PMI has grown up with the oil industry. In 1969, we emerged in the underwater market by introducing the helical wire concept for use on underwater cables. And today, we offer full-service engineering from concept to production, cable hardware and kits, custom cable systems and simulated at-sea testing services.
The recent trend in oil prices casts a shadow of uncertainty on many industries like ours across the globe. But news of a Norwegian oil field has us all perking up a bit.
The Ministry of Petroleum and Energy has given the go ahead on the development and operation plan of the oil group Statoil for Johan Sverdrup field. It’s the fifth largest oil field to ever be found off the Norwegian cost. And it looks as if it is expected to generate $200 billion in revenues within the next 50 years and create 51,000 direct and indirect jobs, which is especially important for Norway – not to mention the entire oil industry — these days.
Read more about our thoughts on Oil and Gas Exploration.
Read more about Norway’s Development of Largest Oil Field.
Oil energy and renewable energy are two totally different marketplaces, generating two different products used in different ways. As different as they may be, they still require the same equipment – rugged subsea grips, hangers, and terminations – with the same goal: extending service life and maintaining integrity in extreme underwater environments.
They operate in different markets. Oil is predominantly used for transport—cars, trucks, planes. Very little of it is used for power; oil accounts for less than 1 percent of power generation in the United States and Canada, for example, and not much more in Europe. Globally, the figure is around 5 percent. Renewables, in contrast, are used mostly to create electricity. The more important factor for renewables, then, is not the price of oil, but the price of electricity, and the latter is not entirely a function of the cost of fuel. The electrical grid itself is expensive, which is why US power costs, which are relatively low in global terms (an average of 12 cents per kilowatt-hour), have been rising. In Europe and Japan, electricity costs are significantly higher, and the relative position of renewables is correspondingly better. Read more…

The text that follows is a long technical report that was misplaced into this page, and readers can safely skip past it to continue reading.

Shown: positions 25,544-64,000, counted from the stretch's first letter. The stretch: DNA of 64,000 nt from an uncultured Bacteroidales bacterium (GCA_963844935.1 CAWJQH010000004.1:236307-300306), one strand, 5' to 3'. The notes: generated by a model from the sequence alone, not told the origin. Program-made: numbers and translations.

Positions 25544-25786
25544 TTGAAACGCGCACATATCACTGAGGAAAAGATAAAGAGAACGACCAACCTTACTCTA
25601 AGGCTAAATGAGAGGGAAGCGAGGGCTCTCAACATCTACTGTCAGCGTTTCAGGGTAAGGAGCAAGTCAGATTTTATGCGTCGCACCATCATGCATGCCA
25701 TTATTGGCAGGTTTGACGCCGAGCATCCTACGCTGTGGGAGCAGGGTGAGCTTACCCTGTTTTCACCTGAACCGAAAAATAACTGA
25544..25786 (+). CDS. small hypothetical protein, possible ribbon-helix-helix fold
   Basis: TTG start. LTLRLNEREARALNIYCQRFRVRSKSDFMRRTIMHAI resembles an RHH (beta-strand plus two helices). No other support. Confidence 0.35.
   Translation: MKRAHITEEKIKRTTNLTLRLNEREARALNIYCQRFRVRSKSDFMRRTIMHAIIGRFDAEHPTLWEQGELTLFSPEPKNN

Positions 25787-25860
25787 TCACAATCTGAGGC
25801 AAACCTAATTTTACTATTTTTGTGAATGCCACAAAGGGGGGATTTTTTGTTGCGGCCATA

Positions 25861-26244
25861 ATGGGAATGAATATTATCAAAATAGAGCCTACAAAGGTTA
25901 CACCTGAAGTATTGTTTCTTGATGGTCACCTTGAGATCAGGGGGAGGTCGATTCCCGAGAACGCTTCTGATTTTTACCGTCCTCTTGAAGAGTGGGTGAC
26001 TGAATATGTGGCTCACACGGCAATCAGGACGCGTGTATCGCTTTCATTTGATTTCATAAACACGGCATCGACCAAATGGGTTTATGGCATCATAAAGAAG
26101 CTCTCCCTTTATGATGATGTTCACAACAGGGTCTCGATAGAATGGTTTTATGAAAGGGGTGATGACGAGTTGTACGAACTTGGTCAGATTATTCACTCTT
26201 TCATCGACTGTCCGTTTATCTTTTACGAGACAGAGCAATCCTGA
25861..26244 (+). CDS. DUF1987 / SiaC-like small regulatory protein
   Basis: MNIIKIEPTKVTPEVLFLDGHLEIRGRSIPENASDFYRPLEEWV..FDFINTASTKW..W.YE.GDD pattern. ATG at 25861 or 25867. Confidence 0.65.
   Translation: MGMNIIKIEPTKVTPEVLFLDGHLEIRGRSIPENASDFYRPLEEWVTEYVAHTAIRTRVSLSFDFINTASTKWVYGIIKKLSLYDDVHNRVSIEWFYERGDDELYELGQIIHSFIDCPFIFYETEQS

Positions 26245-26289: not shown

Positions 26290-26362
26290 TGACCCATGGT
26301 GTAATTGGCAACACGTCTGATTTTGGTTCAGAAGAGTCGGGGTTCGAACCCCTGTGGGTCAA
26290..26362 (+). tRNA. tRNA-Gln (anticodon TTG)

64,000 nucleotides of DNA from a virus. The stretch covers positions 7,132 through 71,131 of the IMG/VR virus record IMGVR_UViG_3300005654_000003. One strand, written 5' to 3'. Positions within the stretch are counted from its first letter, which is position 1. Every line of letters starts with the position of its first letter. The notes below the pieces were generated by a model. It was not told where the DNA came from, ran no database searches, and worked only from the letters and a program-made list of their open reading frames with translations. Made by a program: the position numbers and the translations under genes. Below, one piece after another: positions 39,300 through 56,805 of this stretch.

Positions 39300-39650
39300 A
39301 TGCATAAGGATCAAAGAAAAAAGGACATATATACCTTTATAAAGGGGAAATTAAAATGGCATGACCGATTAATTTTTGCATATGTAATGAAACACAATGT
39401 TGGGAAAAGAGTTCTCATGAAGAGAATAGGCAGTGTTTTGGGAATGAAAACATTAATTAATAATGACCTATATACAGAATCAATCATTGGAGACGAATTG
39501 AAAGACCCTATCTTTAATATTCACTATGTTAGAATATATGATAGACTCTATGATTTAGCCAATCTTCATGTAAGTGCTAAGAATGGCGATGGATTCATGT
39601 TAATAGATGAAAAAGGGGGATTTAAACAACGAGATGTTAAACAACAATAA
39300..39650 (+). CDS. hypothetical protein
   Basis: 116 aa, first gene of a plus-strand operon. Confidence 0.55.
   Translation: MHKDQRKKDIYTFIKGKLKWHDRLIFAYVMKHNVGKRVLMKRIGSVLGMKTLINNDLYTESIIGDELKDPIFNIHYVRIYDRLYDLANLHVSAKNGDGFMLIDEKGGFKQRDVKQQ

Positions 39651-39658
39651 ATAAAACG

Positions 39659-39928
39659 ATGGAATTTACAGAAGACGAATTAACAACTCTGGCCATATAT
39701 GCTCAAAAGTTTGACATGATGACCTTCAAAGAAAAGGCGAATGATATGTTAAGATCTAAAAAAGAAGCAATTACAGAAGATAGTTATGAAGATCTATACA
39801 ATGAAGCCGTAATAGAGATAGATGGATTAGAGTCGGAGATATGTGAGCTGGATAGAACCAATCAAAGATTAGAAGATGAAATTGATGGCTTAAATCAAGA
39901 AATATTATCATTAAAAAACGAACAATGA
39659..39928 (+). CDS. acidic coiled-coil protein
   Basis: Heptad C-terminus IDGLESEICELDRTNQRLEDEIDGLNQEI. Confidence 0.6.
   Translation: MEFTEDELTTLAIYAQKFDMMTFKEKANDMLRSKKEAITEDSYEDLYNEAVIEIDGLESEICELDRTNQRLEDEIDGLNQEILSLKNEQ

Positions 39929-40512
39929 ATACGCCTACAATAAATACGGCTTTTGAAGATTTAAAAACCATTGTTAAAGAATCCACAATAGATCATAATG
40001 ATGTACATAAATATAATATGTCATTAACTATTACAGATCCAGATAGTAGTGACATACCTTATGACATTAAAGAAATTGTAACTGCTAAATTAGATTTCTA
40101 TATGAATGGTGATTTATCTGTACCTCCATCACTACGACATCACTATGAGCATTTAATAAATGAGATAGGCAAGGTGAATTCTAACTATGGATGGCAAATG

At PMI, our engineering excellence means our clients receive proven product technologies and processes to deliver ease of installation, long service life, and reduced lead times, allowing them to focus on other tactics for tackling a tough marketplace.
Chemical companies need not necessarily fear oil-price volatility; in fact, the best ones will savor the opportunities it presents. With disciplined investment in organizational capabilities and agility, producers can effectively plan for, respond to, and benefit from oil-price shocks. Read more…